India Wants Energy That Doesn’t Melt Glaciers, Modi Says

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Modi’s recently concluded visit to Australia was the first for an Indian prime minister in as many as 28 years. Needless to say, energy was a key part of the discussions. Piyush Goyal, India’s energy minister, let loose the proverbial cat among the pigeons when he announced that India would be looking to shut down its coal imports within a time frame of 3 years.

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PM Modi during his Australian visit (Source: Press Information Bureau)

But that did not stop Modi from revisiting the topic. During his address to a joint session of the Australian Parliament on Tuesday, sprinkled with generous doses of humour, Modi spoke quite clearly on what India intends to do for its energy future. He called for a partnership with Australia to provide India, among other things, “Energy that does not cause our glaciers to melt — clean coal and gas, renewable energy or fuel for nuclear power (and) cities that are smart, sustainable.”

You can access the full speech here, and here’s video of the speech:

The Modi government has not restricted itself to any particular energy source and has been trying to get access to virtually anything so as to meet its goal of providing electricity to all by 2019.

Back in September, India and Australia had signed a uranium supply deal. And only last week, Indian conglomerate Adani Enterprises announced its intentions to pour $7 billion to develop a coal mine, rail, and port project in Queensland (Australia).

Referring to these announcements, Australian Prime Minister Tony Abbott told the Parliament: “If all goes to plan next year, an Indian company will begin the development of Australia’s largest coal mine which will light the lives of 100 million Indians for the next half-century.” He added: “If all goes to plan, Australia will export uranium to India, under suitable safeguards, of course, because cleaner energy is one of the most important contributions that Australia can make to the wider world.”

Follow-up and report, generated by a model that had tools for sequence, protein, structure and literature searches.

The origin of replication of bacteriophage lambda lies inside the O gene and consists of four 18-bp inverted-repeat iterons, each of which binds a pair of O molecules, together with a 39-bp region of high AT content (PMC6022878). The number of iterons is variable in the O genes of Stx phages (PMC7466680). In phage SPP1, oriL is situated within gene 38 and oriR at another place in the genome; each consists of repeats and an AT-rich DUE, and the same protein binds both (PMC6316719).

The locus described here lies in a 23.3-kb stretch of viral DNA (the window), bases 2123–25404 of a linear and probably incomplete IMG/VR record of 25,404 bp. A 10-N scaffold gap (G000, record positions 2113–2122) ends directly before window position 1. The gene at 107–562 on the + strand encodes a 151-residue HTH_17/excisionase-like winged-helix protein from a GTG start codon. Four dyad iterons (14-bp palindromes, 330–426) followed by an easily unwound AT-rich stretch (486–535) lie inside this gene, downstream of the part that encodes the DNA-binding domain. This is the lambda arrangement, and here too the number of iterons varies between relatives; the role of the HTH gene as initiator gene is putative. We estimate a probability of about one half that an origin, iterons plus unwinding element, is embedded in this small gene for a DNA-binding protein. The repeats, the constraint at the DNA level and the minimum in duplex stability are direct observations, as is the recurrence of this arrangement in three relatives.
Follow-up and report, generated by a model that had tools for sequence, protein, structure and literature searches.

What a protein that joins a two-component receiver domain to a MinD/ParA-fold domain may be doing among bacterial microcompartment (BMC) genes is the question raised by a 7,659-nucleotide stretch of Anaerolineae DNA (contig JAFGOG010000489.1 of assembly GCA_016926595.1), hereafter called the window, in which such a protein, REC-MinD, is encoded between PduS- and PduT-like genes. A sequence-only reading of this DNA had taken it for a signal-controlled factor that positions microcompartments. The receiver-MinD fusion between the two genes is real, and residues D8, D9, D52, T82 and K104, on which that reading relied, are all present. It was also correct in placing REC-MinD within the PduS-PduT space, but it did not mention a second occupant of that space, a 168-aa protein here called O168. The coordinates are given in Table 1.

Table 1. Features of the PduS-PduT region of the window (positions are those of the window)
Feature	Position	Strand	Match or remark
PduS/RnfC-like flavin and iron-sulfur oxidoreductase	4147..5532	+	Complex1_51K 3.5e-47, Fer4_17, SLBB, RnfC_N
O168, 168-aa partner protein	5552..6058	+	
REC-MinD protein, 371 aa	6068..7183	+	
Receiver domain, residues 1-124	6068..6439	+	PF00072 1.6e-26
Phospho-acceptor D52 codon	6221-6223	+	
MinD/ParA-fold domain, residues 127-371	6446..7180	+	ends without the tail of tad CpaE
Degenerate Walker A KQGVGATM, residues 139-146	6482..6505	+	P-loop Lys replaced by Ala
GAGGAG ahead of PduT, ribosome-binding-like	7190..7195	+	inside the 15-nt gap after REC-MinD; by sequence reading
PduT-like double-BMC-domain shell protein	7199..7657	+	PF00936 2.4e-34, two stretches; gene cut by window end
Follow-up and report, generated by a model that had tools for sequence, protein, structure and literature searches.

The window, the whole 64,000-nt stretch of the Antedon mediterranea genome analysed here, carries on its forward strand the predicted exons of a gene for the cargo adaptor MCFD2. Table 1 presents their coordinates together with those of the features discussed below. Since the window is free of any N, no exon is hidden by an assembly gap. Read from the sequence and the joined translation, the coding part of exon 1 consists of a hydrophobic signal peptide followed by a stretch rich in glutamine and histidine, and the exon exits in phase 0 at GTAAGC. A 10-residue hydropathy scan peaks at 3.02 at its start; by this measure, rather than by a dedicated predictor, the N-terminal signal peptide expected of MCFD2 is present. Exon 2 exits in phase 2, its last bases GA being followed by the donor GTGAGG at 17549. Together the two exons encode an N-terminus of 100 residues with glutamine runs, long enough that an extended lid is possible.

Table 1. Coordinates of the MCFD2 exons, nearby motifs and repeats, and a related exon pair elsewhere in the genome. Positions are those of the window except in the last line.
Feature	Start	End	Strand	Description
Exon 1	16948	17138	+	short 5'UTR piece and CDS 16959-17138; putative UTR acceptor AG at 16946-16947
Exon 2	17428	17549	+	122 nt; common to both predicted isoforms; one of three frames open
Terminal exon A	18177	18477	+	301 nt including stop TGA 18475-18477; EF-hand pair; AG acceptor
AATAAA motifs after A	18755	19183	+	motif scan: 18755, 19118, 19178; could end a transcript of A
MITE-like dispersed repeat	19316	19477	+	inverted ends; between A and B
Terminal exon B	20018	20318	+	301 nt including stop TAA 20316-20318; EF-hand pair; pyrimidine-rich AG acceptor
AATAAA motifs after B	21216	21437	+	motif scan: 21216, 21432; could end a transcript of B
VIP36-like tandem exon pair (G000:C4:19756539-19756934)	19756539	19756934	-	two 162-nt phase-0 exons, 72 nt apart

But it seems both these deals have a shaky future at best. Nuclear projects have been suffering worldwide ever since the Fukushima accident. India has offered the state-owned French firm Areva, with which negotiations are at an advanced stage, a power price of INR 6.50/kWh — twice the average electricity price from indigenous nuclear reactors. But Areva wants more. And this is just the tip of the (nuclear) iceberg.

The ambitious coal project has also run into troubled waters with no bank ready to finance it. For some time, it appeared that the Indian government’s State Bank of India would help fund the deal, but now it has backed off, clarifying that it has merely signed an MoU with Adani, and it will do proper due diligence before sanctioning the $1 billion.

On his next stop over  at Fiji, Modi announced a line of credit of $70 million for development of solar and wind power in the island country.

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Anand Upadhyay

is a Fellow with The Energy and Resources Institute (TERI, New Delhi). He tweets at @indiasolarpost. Views and opinion if any, are his own.

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